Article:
The 2018 McCarty Graveyard has the PRS tune-o-matic two piece bridge and I really don't like it. The neck is perfect, the pickups sound great but I just don't like the two piece bridge's placement. Were it not a Private Stock guitar, I would modify it to a wraparound bridge. I'm also not a fan of having separate volume and tone controls for each pickup. I think that I've gotten so used to playing PRS and Fender guitars exclusively for so long that it just feels weird to me. Kind of how I have to get acclimated for a few minutes when I pick up one of my Les Pauls. My issues all boil down to personal preference. None of it has to do with changes in build quality over time like "They were better in the old days..." kind of stuff. Any McCarty will be a stellar instrument. The thicker body alone benefits them over other core PRS guitars. In fact, older McCartys are some of the best deals going in 20+ year old guitars.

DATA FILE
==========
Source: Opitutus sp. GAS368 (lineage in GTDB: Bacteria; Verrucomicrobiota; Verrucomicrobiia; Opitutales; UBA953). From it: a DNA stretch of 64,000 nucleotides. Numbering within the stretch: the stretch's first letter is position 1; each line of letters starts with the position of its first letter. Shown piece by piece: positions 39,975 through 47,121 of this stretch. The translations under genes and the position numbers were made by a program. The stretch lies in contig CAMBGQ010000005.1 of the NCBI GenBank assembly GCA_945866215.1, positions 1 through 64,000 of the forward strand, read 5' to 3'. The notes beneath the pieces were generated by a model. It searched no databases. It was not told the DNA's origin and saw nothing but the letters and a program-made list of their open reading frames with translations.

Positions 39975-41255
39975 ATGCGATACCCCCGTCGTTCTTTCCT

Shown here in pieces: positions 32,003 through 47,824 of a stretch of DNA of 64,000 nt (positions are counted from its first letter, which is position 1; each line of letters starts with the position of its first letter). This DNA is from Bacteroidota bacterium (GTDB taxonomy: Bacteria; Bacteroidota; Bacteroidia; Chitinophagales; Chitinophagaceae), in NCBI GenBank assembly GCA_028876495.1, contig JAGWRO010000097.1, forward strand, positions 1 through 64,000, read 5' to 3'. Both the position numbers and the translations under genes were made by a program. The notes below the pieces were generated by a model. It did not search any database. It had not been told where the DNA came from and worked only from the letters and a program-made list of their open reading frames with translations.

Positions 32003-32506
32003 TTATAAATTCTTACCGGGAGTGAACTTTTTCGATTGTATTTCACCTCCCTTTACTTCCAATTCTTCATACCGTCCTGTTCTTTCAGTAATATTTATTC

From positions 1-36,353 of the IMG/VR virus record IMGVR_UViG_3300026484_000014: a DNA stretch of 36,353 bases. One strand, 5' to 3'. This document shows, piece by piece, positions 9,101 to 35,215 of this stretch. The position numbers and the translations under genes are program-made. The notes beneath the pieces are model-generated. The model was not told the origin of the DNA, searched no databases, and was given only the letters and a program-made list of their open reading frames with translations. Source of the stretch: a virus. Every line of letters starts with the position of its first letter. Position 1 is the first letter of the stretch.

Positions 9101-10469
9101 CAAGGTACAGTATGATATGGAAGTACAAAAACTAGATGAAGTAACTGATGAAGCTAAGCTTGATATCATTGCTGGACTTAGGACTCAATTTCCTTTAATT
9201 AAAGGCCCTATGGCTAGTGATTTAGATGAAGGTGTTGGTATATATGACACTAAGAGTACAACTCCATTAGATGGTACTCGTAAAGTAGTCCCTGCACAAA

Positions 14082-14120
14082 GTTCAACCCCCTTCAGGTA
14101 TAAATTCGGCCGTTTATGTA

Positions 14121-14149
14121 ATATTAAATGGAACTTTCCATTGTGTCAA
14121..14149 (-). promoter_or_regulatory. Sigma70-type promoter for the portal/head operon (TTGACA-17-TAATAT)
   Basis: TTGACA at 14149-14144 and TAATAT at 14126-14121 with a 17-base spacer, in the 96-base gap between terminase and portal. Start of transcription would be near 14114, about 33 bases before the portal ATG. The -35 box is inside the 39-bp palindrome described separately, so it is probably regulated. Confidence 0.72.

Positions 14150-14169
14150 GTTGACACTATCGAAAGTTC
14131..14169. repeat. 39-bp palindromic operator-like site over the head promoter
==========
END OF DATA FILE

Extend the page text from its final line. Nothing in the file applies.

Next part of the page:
ProfRhino

Member
Messages
7,680
just great guitars, a modern classic ... :aok
why does everything have to be an LP or a Deluxe Reverb ?
the original PUs are fine, but if you can find a later model with 57/08s, it will be very much worth it.
imho, ymmv,
Rhino

you might also want to check out the DGT, in many ways it can be seen as an upgraded McCarty with trem (that's how it started).
 
Messages
12,054
I have a 2000 model I got for an excellent price. I did have to adjust the pickups extensively as it started out on the darker side. I managed to get it bright enough to work on the same EQ as my Gibson. I love the way it plays.
 

GV Quinn

Senior Member
Messages
161
I have a McCarty and a 594.

The McCarty is more of an LP vibe than a PRS Custom, I guess but I don't really view it that way. It's more of a traditional PRS; 25" scale, stoptail, etc, but it's a deeper, less midrangey tone than something like a Custom 22 and certainly a Custom 24.